Liliane Chlela: Playing MUTEK has always been in the back of my head. Especially when you don’t have many opportunities to play big festivals when you’re coming from my region. I’m also an independent artist. So I don’t have an agent. I don’t have a manager, booking agent, and all of that. So it’s always been this great thing to be a part of. but now since moving here, it’s no longer this unattainable festival, and I realize how significant it is that I’m able to play it. And playing this specific album, from a specific context, for this specific context, because we don’t have much representation in a normal MUTEK lineup, I think it’s pretty cool.
PAN M 360: So when you say not much opportunity, is that just being an artist in Beirut or being a woman artist in Beirut within the electronic music scene?
Liliane Chlela: Beirut is pretty OK compared to the rest. It’s not like women are banned. It’s pretty open, but of course, you have an imbalance of representation in lineups. Since moving here, I’ve formed a little collective in Beirut, for female gender minorities and members of the LGBTQ2S+ society. It’s for musicians, producers, performers, and newcomers, and people a bit more established. So what we do is advocate for these people to be better represented in club shows and lineups and we have our own shows and parties.
PAN M 360: Do you ever go back to your old work to maybe get inspired or reflect on your trajectory as an artist? I only ask because I know many electronic artists don’t and it’s kind of on to the next project.
Liliane Chlela: I do go back to them occasionally just to see where my head was at during that particular time. And since moving here, I literally have the time and resources to do that. In Beirut, you’re always in troubleshoot mode and don’t really have time for personal reflection.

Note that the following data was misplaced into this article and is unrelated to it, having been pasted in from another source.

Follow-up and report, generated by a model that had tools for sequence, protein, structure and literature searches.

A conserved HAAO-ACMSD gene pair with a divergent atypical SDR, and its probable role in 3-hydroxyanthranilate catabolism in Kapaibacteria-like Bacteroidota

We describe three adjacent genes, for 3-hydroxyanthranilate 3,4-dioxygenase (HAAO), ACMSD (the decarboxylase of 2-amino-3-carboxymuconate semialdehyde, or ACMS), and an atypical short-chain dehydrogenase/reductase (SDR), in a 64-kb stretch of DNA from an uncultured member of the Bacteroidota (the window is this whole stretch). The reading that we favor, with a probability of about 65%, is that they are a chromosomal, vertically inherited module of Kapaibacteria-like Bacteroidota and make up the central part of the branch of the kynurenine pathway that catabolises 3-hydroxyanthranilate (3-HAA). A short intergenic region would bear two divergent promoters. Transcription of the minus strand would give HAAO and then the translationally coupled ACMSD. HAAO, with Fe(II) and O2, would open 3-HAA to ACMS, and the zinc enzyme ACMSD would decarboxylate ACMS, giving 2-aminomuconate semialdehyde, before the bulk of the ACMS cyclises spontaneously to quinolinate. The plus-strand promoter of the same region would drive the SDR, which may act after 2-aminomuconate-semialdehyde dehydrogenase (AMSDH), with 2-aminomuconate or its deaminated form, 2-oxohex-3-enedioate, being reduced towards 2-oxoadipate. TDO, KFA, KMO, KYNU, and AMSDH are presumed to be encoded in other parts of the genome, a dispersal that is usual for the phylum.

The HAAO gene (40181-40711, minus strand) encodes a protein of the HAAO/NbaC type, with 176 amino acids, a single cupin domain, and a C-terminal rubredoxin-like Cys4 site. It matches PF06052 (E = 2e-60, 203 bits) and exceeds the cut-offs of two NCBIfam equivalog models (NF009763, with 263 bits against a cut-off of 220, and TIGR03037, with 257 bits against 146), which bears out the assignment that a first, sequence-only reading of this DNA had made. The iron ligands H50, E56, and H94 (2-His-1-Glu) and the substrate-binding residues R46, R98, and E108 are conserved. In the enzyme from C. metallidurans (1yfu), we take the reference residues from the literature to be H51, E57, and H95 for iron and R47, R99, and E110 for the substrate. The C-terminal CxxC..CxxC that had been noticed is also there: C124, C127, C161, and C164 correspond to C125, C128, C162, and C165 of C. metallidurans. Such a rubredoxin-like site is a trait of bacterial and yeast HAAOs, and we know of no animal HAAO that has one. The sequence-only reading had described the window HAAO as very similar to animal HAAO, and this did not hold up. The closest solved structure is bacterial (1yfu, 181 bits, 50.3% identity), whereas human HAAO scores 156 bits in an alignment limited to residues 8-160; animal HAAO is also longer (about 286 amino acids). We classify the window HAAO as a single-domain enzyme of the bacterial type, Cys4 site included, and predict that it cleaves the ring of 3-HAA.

PAN M 360: Because the scene is so small and constantly have to be on to the next thing?
Liliane Chlela: It’s not so much that, but it’s just that the living conditions are terrible and have been degrading since 2019. So you have like one hour of electricity per day or and you’re like ‘What the fuck’ and you’re relying on generators that every block has installed. So you have to wait for when the power comes back on and then burn through what you have to do. Then you have to worry if you’re gonna die today because there’s going to be an explosion. I mean, I got injured on the first day of the big revolution during a protest, but I mean, OK, we get that over with. But yeah, you’re literally not … The last thing on your mind is worrying about your music and who’s gonna listen to it. Your priorities are elsewhere.
PAN M 360: So it’s the exact opposite of working here.
Liliane Chlela: Exactly. Now you’re worrying about where the next PC club will be (Laughs). I’m in better spirits.
PAN M 360: Has this given you time to work on new material or are you still in presenting Safala live mode?
Liliane Chlela: I’m waiting for the vinyl of “Safala” to be released which should be soon. I have some dates after MUTEK. Like I’m playing Piknic Electronik and some European dates. I have some other new stuff in mind, but I think I have to finish this chapter and move on.
Liliane Chlela plays MUTEK on Aug 27, during the PLAY 3, at the SAT – Tickets HERE